With the advent of digital recording and advances in telemetry, there is an increasing number of datasets which include arrival times for small-to-medium-sized events at both local and regional distances. In 1991, I (Arthur Snoke) and my colleagues had such a data set, so I worked with John Lahr to introduce spherical-earth ray tracing as an option to his program Hypoellipse. Lahr subsequently included this option in his official Hypoellipse package, but until now the program for generating the traveltime tables to go with that option had not been made available. This write-up accompanies the public release of program Hypotable.
Many seismologists are surprised at how small a distance one begins to see the effect of the earth's curvature when calculating traveltimes. A plot of differential traveltimes vs epicentral distance for three focal depths is instructive. One sees that for shallow-focus events, systematic errors of at least 0.1 s are found for distances beyond the Pg-Pn crossover distance, while for deep-focus events the errors become significant at smaller epicentral distances. John Lahr and I have published a paper which expands on this theme:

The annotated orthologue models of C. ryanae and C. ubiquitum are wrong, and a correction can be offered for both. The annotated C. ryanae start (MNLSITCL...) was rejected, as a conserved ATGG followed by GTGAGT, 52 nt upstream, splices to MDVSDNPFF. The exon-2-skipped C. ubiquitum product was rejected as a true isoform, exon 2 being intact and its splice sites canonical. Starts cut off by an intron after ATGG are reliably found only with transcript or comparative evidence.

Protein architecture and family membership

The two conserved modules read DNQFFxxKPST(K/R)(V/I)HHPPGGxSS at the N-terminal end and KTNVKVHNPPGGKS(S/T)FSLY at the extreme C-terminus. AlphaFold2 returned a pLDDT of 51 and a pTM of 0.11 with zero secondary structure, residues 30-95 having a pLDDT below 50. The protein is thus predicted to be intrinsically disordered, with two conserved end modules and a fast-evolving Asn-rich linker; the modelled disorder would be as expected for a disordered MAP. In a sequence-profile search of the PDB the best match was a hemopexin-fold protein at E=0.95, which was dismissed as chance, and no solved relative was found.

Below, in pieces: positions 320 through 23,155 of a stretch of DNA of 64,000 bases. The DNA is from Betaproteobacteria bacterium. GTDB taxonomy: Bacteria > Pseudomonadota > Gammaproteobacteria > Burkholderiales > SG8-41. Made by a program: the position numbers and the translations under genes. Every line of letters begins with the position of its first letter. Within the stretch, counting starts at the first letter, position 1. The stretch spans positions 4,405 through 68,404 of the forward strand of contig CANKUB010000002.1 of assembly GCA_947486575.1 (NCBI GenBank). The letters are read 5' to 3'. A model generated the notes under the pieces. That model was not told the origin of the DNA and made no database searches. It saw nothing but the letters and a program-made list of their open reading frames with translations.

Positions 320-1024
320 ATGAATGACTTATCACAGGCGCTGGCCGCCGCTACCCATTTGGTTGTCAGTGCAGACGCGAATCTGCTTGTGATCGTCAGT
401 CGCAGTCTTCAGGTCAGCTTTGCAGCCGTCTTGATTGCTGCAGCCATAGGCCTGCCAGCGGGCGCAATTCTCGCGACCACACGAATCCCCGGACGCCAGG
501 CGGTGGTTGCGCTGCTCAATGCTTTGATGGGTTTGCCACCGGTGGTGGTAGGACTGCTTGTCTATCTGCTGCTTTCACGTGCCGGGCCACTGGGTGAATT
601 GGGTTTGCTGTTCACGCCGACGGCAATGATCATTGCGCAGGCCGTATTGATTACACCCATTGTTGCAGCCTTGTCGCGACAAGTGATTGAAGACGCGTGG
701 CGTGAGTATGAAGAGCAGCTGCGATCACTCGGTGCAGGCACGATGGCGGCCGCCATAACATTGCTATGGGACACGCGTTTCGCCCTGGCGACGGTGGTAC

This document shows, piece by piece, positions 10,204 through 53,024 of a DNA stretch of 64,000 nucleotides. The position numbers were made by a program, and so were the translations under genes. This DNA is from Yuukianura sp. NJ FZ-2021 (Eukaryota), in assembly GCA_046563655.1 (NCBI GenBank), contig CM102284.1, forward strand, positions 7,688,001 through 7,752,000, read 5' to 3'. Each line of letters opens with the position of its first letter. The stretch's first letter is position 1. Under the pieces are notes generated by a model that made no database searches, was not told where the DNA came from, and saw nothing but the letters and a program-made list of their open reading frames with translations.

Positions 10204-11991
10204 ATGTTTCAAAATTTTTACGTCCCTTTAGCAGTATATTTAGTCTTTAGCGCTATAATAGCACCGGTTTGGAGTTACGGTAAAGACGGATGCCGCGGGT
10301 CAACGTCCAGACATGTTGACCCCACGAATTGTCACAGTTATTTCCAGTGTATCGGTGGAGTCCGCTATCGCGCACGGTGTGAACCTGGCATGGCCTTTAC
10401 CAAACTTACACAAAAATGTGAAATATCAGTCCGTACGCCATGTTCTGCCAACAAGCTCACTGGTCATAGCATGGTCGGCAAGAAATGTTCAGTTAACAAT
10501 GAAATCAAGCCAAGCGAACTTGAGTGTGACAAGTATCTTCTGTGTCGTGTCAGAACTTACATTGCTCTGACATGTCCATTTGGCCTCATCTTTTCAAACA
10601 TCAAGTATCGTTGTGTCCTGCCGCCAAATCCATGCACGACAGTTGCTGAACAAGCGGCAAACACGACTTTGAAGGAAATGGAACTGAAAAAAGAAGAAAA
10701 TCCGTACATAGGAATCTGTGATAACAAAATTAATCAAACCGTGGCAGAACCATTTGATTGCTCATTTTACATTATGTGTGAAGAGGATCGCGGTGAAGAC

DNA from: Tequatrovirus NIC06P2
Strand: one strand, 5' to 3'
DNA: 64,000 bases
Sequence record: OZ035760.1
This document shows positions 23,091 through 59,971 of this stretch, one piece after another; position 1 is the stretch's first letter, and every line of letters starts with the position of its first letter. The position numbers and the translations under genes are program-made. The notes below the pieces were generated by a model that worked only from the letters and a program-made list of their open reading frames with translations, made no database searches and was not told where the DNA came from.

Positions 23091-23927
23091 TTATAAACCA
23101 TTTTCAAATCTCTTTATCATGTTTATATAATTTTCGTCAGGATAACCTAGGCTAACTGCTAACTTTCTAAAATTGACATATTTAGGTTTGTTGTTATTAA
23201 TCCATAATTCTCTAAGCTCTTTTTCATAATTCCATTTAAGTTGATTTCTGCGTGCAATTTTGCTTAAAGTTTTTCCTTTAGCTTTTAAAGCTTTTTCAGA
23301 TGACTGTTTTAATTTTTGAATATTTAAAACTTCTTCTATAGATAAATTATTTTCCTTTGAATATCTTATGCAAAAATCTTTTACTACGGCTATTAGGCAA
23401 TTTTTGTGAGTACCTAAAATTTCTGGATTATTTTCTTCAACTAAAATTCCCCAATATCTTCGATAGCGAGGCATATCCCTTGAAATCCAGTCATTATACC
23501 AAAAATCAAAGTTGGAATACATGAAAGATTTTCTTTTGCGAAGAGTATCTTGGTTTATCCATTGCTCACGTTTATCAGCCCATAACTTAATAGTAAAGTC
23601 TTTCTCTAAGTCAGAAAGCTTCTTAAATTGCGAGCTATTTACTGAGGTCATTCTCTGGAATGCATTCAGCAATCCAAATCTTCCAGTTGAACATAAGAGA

Snoke, J. A. and J. C. Lahr, 2001. Locating earthquakes: At what distance can the earth no longer be treated as flat?, Seism. Res. Lett., 72, 538-541.
Click here for an HTML file which gives further details about the Hypotable package including downloading instructions.
Program Hypotable is a front-end for program Hypoellipse. Click here for the top page of the Hypoellipse distribution.
Department of Geological Sciences, 4044 Derring Hall (0420)
Virginia Polytechnic Institute and State University
Blacksburg, VA 24061 USA; E-mail
This Page: http://www.geol.vt.edu/outreach/vtso/hypotable/
Last updated: 12 September 2003